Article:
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Review: The Violin

Humanity gets a fairer shake in The Violin than in Bruno Dumont’s Flanders.

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The Violin
Photo: Film Movement

As far as battlefield-as-life parables go, humanity gets a fairer shake in Francisco Vargas’s The Violin than in Bruno Dumont’s Flanders. Set in a nation that remains unnamed but clearly stands for the filmmaker’s native Mexico in the volatile early 1970s, the film opens with the protracted brutalization of civilian peasants at the hands of military forces in search of rebels. It’s the only scene of on-screen violence in a tense but tender film, yet it ripples through the rest of the story, coloring each of the characters’ relationships with an awareness of the brutality of a land in upheaval. Struggle against the oppressive military in an occupied village hinges on an unusual ploy of infiltration and seduction, as elderly violinist Don Plutarco (Ángel Tavira) entertains a squad of soldiers with his fiddle while his son Genaro (Gerardo Taracena) smuggles guns and ammo for the local insurgents. When Don Plutarco’s playing earns the sympathy of the music-loving commander (Dagoberto Gama), The Violin complicates insurgent-oppressor dynamics by hinting at the battered, shared humanity that brings the two sides closer even as it threatens to unravel the rebels’ scheme. Shot in expressively severe black and white, the picture progresses as a fable of the continuum of resistance, a theme made unnecessarily explicit during Don Plutarco’s talks with the grandson (Mario Garibaldi) who will inherit both his instrument and his defiance, yet movingly realized by Vargas’s unsentimental admiration for the characters’ revolt. The plot doesn’t always resist the lure of peasant nobility and aged sagacity, but Tavira, an octogenarian nonprofessional who won an award at Cannes last year, has the weather-beaten majesty of an old oak tree, and Vargas’s sensitivity to the complex emotional connections that music can precipitate brings to mind Ichikawa’s The Burmese Harp.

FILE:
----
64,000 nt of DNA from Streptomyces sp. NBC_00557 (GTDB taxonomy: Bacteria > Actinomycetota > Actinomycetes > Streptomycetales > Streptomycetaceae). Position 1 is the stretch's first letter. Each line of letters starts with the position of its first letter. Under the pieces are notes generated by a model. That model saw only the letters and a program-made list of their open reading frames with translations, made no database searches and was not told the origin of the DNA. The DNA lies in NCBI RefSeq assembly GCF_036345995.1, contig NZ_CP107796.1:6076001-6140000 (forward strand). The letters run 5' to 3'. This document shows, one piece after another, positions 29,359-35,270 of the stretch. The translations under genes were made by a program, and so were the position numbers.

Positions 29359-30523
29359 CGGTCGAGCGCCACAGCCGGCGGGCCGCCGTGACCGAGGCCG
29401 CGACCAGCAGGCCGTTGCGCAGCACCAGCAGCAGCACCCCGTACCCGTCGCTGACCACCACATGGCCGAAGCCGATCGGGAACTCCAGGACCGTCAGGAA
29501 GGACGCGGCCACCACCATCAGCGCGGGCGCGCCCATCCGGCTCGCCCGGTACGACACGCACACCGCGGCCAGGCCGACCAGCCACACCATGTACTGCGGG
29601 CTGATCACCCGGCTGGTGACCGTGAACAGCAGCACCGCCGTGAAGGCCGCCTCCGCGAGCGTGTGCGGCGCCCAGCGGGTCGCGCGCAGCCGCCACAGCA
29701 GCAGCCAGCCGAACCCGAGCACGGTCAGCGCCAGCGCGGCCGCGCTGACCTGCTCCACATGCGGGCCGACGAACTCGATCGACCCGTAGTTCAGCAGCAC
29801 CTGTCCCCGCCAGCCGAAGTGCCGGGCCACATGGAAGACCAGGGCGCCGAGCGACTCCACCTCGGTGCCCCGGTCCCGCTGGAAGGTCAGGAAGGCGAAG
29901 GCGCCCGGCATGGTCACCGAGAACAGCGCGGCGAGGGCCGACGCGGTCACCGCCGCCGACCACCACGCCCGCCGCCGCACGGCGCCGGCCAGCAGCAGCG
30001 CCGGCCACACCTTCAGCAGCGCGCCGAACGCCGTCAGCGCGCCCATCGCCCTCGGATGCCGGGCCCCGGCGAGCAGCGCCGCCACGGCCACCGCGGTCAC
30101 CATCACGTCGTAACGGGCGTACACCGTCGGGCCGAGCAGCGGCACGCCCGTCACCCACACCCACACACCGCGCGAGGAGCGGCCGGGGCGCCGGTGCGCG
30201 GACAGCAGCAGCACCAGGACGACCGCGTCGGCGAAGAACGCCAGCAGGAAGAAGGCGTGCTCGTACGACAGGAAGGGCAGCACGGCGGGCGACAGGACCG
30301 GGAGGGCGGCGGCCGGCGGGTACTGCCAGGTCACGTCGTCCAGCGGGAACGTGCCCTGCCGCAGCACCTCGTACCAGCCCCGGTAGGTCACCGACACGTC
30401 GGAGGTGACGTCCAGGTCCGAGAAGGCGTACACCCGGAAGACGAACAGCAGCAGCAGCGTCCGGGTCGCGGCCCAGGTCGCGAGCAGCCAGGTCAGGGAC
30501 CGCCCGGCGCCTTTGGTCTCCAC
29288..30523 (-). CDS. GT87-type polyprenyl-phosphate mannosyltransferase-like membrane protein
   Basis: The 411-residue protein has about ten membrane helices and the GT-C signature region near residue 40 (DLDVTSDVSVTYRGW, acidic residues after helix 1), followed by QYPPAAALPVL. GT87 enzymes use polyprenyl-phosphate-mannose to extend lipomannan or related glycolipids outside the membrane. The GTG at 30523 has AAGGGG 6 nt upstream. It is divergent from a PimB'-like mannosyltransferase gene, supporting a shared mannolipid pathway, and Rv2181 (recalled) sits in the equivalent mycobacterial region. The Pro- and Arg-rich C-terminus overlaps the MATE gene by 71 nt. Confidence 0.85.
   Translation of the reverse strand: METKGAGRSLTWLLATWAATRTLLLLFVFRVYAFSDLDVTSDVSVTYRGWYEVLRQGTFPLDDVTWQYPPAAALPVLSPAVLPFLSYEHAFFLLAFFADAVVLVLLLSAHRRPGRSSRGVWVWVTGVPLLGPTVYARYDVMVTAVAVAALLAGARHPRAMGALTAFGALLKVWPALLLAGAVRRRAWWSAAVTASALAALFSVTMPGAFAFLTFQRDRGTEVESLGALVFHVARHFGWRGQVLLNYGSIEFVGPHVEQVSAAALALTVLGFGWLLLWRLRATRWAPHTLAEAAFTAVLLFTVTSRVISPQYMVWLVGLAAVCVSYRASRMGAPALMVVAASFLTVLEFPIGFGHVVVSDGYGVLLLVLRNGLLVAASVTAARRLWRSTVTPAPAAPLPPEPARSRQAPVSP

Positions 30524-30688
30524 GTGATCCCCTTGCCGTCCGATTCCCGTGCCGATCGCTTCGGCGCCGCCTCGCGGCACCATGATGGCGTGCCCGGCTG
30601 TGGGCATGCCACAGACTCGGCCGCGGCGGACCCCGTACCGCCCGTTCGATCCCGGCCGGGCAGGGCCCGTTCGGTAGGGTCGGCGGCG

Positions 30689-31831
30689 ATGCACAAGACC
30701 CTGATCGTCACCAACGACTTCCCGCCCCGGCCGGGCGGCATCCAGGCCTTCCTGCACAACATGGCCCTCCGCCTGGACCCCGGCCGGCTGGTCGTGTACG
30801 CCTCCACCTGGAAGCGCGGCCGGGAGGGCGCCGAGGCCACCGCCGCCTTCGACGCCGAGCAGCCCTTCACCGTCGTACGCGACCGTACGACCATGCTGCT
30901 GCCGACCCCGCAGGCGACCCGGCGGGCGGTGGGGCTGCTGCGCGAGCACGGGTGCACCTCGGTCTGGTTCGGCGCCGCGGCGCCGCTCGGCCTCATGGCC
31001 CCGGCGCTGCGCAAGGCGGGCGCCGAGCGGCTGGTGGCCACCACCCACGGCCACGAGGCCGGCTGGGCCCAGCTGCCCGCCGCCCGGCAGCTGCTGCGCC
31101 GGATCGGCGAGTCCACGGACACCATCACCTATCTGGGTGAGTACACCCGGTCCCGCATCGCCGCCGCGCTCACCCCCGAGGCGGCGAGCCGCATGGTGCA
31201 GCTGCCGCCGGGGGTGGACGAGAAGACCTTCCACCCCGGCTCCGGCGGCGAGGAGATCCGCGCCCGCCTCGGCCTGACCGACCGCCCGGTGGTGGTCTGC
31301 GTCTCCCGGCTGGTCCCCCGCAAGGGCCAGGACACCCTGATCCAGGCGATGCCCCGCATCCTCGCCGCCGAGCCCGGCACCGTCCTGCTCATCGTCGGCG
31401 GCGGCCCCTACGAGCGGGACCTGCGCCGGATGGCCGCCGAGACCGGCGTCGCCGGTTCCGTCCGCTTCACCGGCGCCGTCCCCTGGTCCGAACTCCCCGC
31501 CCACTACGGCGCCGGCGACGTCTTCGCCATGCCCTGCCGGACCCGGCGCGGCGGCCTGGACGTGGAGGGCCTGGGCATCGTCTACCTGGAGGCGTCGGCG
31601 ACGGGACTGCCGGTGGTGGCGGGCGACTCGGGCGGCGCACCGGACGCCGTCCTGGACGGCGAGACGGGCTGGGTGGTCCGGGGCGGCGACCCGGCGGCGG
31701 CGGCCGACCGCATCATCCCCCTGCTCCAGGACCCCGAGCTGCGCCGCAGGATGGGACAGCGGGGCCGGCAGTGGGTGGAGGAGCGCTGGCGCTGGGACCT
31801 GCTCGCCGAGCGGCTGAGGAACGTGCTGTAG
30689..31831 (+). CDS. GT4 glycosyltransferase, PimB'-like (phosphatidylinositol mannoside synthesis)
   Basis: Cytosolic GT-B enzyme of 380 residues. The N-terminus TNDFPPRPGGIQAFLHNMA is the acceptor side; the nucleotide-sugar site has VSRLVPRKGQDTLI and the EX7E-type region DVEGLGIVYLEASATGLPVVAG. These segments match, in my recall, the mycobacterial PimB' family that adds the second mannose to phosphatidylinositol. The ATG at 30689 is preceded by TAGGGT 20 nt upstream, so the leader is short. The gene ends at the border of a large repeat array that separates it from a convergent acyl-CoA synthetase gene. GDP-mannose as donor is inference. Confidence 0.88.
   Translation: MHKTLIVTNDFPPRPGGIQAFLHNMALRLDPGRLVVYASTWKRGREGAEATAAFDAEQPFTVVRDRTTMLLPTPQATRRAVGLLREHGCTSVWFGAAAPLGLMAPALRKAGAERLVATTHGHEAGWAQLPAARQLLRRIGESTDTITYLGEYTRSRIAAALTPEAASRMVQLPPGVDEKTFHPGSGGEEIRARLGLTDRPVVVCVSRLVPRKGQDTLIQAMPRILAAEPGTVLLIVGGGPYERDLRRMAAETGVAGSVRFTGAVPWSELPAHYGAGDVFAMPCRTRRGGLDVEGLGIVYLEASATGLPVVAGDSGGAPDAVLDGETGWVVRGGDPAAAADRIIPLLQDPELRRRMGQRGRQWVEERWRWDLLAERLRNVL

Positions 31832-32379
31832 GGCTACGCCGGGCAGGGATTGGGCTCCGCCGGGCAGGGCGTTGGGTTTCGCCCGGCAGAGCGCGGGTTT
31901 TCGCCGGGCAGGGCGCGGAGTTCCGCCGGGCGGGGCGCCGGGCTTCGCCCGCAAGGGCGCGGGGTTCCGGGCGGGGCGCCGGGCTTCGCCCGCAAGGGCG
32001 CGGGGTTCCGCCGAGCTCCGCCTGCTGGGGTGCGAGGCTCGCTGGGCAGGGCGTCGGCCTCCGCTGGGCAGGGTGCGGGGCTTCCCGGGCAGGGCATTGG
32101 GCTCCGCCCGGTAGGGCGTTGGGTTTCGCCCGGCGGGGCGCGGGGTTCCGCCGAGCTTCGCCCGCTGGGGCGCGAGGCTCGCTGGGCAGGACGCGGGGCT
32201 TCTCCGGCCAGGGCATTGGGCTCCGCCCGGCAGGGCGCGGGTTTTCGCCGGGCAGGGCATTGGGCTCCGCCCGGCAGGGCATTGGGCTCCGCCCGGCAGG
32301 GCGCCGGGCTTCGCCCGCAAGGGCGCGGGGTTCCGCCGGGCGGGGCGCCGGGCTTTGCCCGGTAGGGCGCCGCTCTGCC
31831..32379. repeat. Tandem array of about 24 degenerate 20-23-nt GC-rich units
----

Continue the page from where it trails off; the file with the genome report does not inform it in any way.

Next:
Cast: Ángel Tavira, Gerardo Taracena, Dagoberto Gama, Mario Garibaldi, Fermín Martínez, Silverio Palacios, Octavio Castro, Mercedes Hernández, Gerardo Juárez, Ariel Galvan, Amorita Rasgado, María Elena Olivares Director: Francisco Vargas Screenwriter: Francisco Vargas Distributor: Film Movement Running Time: 98 min Rating: NR Year: 2005 Buy: Video

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